Twist in the tale for 'scattered' farmers

Updated: 2012-01-31 11:10

By An Baijie (China Daily)

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RIZHAO, Shandong - Zhang Shoukui thought he was onto a winner last year. With the price of pork rising, he invested in three sows, with the view of making a mint in the market.

So far, it has not worked out that way.

Twist in the tale for 'scattered' farmers

Zhang Shoukui, a small-scale farmer in Shandong province, feeds cabbages to his pigs. He hopes to sell the animals at the market in mid-February. [Photo / China Daily]

After a series of setbacks, including a fatal bout of foot-and-mouth disease, he has learned that making money from pig farming is a marathon, not a sprint.

"Breeding pigs is like raising children," said the farmer, 40, as he cleaned out a sty on Jan 25.

Winter is the hardest time, he added. "It's heartbreaking to see the piglets coughing, trembling and even dying one after another in the freezing cold."

Zhang's family was just one of many in Chaohe township, Shandong province, and beyond that turned their hand to pig farming last year amid soaring pork prices.

National Bureau of Statistics figures show that the price was more than 30 yuan ($5) per kilogram in July 2011, almost double the amount it was a year earlier.

"A large number of people in our village bought pigs when they saw the price hikes in spring," Zhang said. "I simply followed the others."

Farmers who had kept pigs for a long time made a killing, with some making a 600-yuan profit for every animal sold in the summer sales.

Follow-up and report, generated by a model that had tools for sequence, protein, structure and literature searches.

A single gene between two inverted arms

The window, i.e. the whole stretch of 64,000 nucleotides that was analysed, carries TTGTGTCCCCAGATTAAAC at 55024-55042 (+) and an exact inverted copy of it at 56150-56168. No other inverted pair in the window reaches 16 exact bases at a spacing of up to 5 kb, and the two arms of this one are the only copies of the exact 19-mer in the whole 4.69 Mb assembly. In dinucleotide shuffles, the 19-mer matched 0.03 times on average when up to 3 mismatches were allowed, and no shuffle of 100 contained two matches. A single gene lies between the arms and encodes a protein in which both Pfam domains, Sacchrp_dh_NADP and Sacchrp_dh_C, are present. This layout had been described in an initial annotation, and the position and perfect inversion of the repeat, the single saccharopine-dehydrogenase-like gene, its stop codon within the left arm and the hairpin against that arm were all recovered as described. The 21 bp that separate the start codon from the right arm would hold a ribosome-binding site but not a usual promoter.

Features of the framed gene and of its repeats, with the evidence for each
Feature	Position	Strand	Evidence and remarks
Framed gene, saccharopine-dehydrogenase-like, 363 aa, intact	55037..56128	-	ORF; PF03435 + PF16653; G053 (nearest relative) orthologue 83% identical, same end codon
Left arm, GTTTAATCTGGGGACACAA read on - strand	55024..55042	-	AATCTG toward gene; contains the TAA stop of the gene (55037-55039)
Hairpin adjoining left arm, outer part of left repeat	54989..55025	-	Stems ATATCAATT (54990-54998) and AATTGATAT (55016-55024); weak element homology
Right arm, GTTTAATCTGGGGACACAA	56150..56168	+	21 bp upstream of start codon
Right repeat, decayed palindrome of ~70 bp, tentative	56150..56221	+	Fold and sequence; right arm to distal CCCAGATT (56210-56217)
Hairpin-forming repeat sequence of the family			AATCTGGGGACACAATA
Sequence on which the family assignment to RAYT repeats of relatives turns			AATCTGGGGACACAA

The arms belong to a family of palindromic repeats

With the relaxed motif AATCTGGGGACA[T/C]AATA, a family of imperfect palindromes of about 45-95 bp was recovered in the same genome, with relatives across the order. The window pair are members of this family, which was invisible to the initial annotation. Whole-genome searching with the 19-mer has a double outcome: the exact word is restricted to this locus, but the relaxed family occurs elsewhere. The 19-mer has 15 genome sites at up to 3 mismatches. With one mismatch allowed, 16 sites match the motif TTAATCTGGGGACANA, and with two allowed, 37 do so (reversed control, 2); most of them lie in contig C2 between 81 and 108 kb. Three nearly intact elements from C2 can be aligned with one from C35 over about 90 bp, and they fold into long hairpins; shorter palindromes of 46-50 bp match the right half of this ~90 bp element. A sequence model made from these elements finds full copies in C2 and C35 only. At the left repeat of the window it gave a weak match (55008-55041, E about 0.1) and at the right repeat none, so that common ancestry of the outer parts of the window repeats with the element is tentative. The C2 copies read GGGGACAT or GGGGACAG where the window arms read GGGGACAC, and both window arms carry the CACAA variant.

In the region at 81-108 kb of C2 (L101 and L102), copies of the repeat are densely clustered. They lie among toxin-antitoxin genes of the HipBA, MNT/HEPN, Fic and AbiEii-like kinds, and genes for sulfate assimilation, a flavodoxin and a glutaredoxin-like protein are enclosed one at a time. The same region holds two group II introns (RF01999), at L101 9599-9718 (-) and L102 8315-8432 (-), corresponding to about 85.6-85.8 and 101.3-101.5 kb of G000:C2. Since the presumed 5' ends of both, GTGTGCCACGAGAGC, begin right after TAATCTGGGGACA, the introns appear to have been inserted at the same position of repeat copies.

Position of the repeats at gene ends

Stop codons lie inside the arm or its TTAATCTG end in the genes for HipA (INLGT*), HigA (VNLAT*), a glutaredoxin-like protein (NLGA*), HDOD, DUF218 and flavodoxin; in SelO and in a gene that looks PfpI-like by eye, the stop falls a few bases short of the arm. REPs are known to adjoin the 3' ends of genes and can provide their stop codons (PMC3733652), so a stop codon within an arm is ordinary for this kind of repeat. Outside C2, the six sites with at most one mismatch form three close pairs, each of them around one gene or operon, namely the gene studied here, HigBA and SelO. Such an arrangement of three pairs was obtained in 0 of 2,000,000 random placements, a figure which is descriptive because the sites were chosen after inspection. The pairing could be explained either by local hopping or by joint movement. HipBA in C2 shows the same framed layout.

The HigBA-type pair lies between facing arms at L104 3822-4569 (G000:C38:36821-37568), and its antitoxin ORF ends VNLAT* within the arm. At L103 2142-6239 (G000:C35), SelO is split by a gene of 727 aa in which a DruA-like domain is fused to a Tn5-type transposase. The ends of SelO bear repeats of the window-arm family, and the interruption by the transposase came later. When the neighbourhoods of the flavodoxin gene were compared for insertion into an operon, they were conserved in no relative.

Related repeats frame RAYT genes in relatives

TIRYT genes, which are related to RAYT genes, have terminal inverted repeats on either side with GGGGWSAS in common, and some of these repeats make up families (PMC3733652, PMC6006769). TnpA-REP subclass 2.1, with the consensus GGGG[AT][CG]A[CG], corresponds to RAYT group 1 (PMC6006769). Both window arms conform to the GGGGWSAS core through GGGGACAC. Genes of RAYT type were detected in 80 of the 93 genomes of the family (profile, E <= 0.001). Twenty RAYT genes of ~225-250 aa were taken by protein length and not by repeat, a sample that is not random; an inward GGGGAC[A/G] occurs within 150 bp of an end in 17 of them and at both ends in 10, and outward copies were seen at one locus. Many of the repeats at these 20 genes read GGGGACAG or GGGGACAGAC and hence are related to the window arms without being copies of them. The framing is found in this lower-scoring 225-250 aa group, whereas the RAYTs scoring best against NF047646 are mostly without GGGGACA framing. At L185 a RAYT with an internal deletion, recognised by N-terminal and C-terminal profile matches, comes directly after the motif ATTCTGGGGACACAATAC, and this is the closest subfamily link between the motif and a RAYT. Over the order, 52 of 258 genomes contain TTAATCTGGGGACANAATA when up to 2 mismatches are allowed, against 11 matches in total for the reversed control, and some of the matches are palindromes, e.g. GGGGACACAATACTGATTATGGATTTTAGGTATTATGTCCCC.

However, those who had just entered the field first needed to wait for their livestock to mature and reproduce. In Zhang's case, that took until August.

"A sow can give birth to upwards of 20 piglets at a time," he said. "The more offspring, the more money I make."

The first batch was disappointing, however - just eight piglets. He was also hit by large increases in corn and fodder prices, pushing up the cost of feed to 160 yuan per pig.

However, the most severe setback came this month when 20 piglets died of foot-and-mouth disease just a week after being born.

Although Zhang admitted he had little knowledge on how to keep pigs before buying three sows, he put his losses down to bad luck.

"I hope I have good fortune this year and pray things go smoothly," he added.

Cycle of strife

Experts say that farmers like Zhang who keep a small number of swine - often referred to as "scattered breeders" - are playing an important role in China's pig industry.

As numbers are changing all the time, it is difficult to find accurate data on how many pigs are being kept by scattered breeders nationwide.

Some media reports have suggested it is as much as 90 percent, while Liu Chengxin, president of the Henan Meat Association, told China Economic Weekly in June that it is more like 46 percent.

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